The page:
It’s clear that employees – particularly Millennials – are equally concerned about the corporate company they keep. One study for example, reported that 72 percent of workers said they would choose a job at an eco-friendly company over another company if given the choice.
Corporate Social Responsibility – How Nonprofits Benefit
How corporations embrace corporate social responsibility in 2015 is also going to be of great importance to the nonprofit world. Corporate giving programs, which can include everything from matching gifts to volunteer grants; from team building volunteer efforts to fundraising events.
These types of programs, which vastly increase the public good that corporations are doing, are vital to nonprofit organizations because of the great monetary and volunteer implications.
Greater Funding through Employee Matching Gift Programs
Corporations that offer matching gift programs are essentially doubling donations that its employees are giving to eligible nonprofits. For example, if an employee provides a $100 donation to a nonprofit of their choice, his or her employer (if the company offers a matching gift program) will write an additional $100 check, thereby increasing total funds brought in. It’s really that simple!
A recurring theme here seems to be the education factor of it. These are phenomenal socially responsible programs that benefit both corporations and nonprofits, but if they are underutilized because of a lack of awareness, then these programs do little good. As a nonprofit, encourage corporations to promote these programs to employees – in fact, offer to help them! Use social media outlets as a way to spread the word. Sometimes a simple Facebook post can make all the difference.
It should also come as no surprise that matching gift programs increase employee engagement for companies that offer these kinds of socially responsible programs, but they also help foster deeper nonprofit-donor relationships. If you’re looking to increase fundraising from existing donors, matching gift programs are a great place to start.
Greater Time Commitments through Employee Volunteer Grant Programs
Corporations that offer volunteer grants, or even offer paid time off to volunteer at nonprofit organizations, are bringing in helping hands to eligible nonprofit organizations. A corporation with this kind of program might offer (for example) a $250 check to a nonprofit once an employee has volunteered at least 10 hours with the organization. There are also pay-per-hour grants that many corporations offer, paying a certain dollar amount per hour volunteered.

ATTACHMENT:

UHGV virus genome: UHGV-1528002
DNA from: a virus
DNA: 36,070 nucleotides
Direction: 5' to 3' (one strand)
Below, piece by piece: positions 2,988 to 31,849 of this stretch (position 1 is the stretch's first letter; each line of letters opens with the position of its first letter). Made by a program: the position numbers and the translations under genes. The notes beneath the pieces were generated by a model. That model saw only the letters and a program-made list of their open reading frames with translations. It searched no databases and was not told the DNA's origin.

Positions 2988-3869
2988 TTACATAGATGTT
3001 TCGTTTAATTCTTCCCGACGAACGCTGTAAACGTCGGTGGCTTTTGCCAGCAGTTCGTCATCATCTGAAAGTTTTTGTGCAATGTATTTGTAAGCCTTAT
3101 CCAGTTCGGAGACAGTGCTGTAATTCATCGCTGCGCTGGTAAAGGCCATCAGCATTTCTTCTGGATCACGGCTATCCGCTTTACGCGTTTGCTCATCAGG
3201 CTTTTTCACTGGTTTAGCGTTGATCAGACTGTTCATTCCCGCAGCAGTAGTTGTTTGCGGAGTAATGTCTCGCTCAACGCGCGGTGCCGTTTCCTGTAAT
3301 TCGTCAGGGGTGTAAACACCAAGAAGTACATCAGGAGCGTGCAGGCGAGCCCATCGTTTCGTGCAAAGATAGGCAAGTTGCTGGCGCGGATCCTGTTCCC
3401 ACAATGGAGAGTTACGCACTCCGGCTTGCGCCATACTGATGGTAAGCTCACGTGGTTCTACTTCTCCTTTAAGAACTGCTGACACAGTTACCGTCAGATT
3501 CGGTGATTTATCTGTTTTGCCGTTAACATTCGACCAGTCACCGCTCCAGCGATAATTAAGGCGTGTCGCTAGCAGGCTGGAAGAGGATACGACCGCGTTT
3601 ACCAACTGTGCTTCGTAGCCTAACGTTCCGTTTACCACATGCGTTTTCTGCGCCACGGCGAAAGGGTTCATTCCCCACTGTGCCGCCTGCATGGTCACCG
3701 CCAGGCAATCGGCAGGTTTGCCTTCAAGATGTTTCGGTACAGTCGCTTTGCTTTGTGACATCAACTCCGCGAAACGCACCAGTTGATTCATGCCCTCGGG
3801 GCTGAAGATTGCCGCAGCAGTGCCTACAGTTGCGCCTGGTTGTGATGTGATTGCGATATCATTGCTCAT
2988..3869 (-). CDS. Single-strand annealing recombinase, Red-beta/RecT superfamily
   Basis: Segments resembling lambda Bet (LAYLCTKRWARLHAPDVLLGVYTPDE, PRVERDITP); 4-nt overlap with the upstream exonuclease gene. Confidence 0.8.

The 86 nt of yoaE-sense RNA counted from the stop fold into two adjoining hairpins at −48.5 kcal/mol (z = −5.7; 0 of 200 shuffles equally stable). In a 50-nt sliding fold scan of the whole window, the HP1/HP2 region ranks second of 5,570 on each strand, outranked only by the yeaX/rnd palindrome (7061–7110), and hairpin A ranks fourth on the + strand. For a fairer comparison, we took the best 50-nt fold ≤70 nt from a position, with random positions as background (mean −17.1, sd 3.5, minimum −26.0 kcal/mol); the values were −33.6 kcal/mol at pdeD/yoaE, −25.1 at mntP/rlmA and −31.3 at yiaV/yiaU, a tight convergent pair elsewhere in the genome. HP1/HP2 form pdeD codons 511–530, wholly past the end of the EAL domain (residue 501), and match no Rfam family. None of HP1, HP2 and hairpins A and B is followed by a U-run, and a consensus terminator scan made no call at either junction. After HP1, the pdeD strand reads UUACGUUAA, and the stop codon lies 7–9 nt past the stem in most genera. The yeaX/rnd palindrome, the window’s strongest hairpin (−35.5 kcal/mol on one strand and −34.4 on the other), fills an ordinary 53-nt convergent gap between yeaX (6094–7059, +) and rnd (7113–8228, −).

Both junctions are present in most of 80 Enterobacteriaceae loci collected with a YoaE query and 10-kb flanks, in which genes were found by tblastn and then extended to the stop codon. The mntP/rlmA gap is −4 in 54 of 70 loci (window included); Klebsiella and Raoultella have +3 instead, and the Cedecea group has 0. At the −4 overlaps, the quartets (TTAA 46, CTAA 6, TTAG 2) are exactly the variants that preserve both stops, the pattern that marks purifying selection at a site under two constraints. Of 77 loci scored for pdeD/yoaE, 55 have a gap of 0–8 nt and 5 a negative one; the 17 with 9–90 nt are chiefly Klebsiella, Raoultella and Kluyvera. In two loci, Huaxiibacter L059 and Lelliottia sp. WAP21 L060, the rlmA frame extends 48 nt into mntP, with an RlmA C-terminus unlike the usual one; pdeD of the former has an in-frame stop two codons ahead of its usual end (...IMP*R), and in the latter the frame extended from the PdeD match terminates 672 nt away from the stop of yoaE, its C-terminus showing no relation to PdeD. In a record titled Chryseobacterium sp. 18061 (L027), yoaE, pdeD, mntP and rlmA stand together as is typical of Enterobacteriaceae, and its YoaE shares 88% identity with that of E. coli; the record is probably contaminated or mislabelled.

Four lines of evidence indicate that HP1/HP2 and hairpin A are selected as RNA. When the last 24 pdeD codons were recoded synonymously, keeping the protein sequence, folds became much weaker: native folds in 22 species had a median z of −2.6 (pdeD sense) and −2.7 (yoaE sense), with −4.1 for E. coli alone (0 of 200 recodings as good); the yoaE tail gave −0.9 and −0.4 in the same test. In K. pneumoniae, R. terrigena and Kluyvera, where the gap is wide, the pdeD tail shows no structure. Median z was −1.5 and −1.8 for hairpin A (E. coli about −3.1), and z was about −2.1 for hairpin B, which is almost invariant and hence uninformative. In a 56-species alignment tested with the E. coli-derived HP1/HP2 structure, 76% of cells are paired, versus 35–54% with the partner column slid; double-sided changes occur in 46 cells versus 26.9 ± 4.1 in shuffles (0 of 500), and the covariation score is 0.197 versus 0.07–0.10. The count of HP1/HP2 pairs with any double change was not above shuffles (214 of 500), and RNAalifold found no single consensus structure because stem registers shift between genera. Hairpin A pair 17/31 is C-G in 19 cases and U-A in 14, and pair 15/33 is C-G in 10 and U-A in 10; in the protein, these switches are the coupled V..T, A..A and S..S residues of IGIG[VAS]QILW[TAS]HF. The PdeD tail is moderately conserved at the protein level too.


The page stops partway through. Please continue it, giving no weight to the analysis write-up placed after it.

This kind of socially responsible program is a win-win for both parties involved. Employees of corporations are seen volunteering and donating their time to important causes in the community, and nonprofits are receiving free time and volunteer work, which is essential the success of so many nonprofits.
Volunteer grant programs are another huge reason why corporate social responsibility is important, especially for the upcoming year!
Forging Corporate Partnerships
Yet another positive impact corporate social responsibility has on nonprofit organizations is the possibility of corporate partnerships. These partnerships are vital to the work a corporation can do in the local community, and important to a nonprofit that may not have the resources for major marketing campaigns. Longterm corporate-nonprofit partnerships can benefit everyone.
For a corporation, a partnership with a local or national nonprofit organization improves the company’s image in the public eye, as consumers can clearly see the positive impact a corporation is having on their community. A key benefit is that it makes it easier for consumers to trust a company.
For a nonprofit organization, a partnership with a local or national corporation puts its name on tons of marketing materials that otherwise could not have been afforded on tight budgets. A key benefit is the partnership brings additional awareness to the nonprofit’s cause.
Corporate Social Responsibility Helps Everyone Involved
As you can see, socially responsible programs are mutually beneficial in the corporate-nonprofit world. When working on your strategic plans for the upcoming year, make sure to take some time and look at the programs your company offers or benefits from and how they are working toward a better community and corporate environment for everyone involved. Work from there to expand your reach, and good luck!